Data Management

Inserting and updating records in SQL

After you've developed your skills in mining SQL table data, the next step is to learn how to add and update records. Follow this quick tutorial on using the INSERT and UPDATE commands.

In previous SQL tutorials, I’ve demonstrated tricks for using the SELECT command to find and display data stored in your SQL tables. Once you've learned how to find data from the SQL command line, you'll be ready to try adding new records or changing the information in existing records. This week, I'll explain how to do this using the INSERT and UPDATE commands.

Take these keywords seriously
My other SQL lessons dealt exclusively with viewing data. The ability to query a table provides the help desk pro with a powerful troubleshooting tool. The best part of querying is that it’s almost impossible to mess up a database when all you’re doing is mining it for information.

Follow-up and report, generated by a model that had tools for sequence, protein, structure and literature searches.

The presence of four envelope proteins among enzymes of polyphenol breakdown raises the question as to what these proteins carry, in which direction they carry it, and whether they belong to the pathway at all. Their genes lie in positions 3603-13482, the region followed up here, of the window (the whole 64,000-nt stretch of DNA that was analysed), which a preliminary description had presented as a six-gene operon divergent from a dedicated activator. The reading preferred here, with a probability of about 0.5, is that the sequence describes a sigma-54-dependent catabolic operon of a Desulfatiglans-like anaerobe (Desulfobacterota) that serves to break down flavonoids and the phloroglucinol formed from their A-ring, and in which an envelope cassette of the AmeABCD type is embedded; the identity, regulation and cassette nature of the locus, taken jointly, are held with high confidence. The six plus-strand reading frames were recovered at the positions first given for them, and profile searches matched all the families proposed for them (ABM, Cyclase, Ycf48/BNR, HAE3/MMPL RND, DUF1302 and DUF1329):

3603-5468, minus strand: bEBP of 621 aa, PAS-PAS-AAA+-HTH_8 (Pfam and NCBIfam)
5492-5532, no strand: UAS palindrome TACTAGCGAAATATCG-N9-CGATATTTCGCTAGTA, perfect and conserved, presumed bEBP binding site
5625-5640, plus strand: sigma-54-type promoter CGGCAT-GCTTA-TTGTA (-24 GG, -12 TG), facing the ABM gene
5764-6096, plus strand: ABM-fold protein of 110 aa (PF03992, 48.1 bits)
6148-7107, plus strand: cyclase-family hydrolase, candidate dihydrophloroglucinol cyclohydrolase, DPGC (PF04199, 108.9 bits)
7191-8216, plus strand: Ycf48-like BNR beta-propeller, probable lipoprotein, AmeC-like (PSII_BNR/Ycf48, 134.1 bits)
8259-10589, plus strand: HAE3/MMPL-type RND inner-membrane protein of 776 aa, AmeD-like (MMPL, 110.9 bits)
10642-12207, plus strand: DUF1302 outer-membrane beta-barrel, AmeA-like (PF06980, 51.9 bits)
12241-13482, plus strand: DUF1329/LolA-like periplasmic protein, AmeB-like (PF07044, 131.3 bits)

Before I discuss INSERT and UPDATE, let me make one thing perfectly clear: You can do a lot of harm with these commands because they affect your data.

In general, only database administrators (DBAs) should manually insert records or make changes to existing records in a production database. Ideally, adding new records and changing existing records are tasks you'd accomplish using the appropriate application interface—not through the SQL command line.

However, adding and updating records is a common part of development and quality assurance testing. And level 2 and level 3 support folks usually have the authority to resolve some problems by making minor adds and changes to a database, with prior approval by the DBA.